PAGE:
I believe poetry is medicinal and is the only prescription needed to prevent the vast majority of mental and emotional illnesses. I believe theater is the place where we go to receive a collective healing with powerful and poetic words. Everyone in the theater - whether on the stage or off - is an essential element to the solution of societal ailments. Together the speakers and the listeners create power.
I believe theater removes the veil of our differences in identity, power or desire and uncovers our common humanity.
Theater proves to even the most cynical of witnesses that we each have the power to become more than we are - in every moment that we are. If we suspend our disbelief (or perhaps instead fortify our beliefs with faith) we can transcend in every moment of our lives. Don't merely suspend your disbelief. Hang Time! will show you how theater gives us an access to the power of transcendence and transformation. Choose to be a believer.
I began acting in theater more than sixteen years ago. It was precisely this opportunity that acting represented for me - the opportunity for a new name; a new job; a new life; and a new location. The new location is what I refer to in metaphorical terms as - the Ater. To me the Ater is the crucible where this new identity is forged. I simply find it entirely too pretentious and limiting to refer to theater-making as "the theater", e.g., "her work in the theater". And, my own poetic rhythms resist the cumbersome repetition of "t-h-e" in "the theatre"; instead herein I opt for the simpler, hipper and more distinctive "the Ater" (pronounced AY - TER). The Ater is distinct from "the theater". The Ater contains within it's metaphorical walls the stage of all the worlds.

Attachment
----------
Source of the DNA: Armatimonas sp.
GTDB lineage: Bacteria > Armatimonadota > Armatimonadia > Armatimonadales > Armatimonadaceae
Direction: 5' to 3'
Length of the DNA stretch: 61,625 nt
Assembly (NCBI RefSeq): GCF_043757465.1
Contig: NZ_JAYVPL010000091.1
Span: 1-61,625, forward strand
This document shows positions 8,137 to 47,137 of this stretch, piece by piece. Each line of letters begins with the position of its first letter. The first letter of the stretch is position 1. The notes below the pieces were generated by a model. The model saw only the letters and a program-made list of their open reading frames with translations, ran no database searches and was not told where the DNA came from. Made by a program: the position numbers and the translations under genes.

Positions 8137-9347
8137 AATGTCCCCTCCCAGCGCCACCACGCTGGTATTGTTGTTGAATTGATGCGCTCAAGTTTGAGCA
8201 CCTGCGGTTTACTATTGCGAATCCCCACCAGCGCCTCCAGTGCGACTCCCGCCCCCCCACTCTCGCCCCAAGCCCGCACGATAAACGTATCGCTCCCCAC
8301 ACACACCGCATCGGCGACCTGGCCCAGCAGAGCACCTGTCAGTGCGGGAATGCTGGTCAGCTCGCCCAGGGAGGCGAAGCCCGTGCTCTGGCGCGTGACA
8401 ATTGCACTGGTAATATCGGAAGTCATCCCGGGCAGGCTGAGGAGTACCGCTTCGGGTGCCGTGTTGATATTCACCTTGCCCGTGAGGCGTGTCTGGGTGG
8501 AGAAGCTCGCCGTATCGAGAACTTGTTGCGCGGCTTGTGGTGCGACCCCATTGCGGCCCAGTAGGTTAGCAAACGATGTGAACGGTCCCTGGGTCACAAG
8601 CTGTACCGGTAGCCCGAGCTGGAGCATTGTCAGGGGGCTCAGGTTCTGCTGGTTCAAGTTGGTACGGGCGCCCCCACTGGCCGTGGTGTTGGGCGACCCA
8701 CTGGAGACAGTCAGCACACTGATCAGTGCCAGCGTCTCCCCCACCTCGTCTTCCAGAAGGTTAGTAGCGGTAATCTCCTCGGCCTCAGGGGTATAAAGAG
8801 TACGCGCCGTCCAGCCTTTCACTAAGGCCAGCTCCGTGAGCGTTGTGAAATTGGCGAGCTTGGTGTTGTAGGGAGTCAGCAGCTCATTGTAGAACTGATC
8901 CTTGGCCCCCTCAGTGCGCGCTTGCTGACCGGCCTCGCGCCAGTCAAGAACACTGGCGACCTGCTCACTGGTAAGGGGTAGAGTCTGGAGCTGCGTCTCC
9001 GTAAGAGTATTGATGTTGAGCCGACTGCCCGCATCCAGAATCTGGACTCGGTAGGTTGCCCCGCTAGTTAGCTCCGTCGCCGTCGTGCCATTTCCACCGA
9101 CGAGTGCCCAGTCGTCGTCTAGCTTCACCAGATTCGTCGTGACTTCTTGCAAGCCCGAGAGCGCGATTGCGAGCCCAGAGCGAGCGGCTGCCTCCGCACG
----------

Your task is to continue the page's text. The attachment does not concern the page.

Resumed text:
The Ater is bigger than the theater and includes: television; film; poetry-slam venues; piss-stained halls in the projects; refer-filled studios; speeding vehicles parading down the strip with a musical escort; ghetto-fabulous clubs on Saturday nights; Pentecostal churches on Sunday mornings; Synagogues; Mosques; jail cells; mental hospitals; college dorm rooms with virgin co-eds; your mama's basement; and perhaps most obviously any corner in the hood where the real players gather.
In Being an Actor, Simon Callow, the British classical ensemble actor, writes, "that today's theater needs actor-poets". Some actors recreate and others create. The poet-actor must be in the habit and mode of creation. Nothing else merits live witnesses. The Ater is for the witnesses. The Ater is the place where all the players are invited to both tell and witness their own story and their own relationships. In my case I have done it with solo performances in the same way that the generation ahead of me - Whoopi Goldberg, Anna Deavere Smith, Nancy Giles and Roger Guenevere Smith - have taken their interests in the modern stories of humanity and told all of our individual stories. I owe a debt to each of these solo artists. My work will be forever indebted to having witnessed their live performances or in the case of Whoopi Goldberg - the video version.
My first solo performance began humbly as a poetry reading of Langston Hughes' work - which for me would have been enough; but owing to the vision and artistic ambition of one of America's leading theater-makers, Laurence Holder - the reading was quickly transformed into a full length one man play entitled: Shakespeare & Harlem later published in Notes of a Neurotic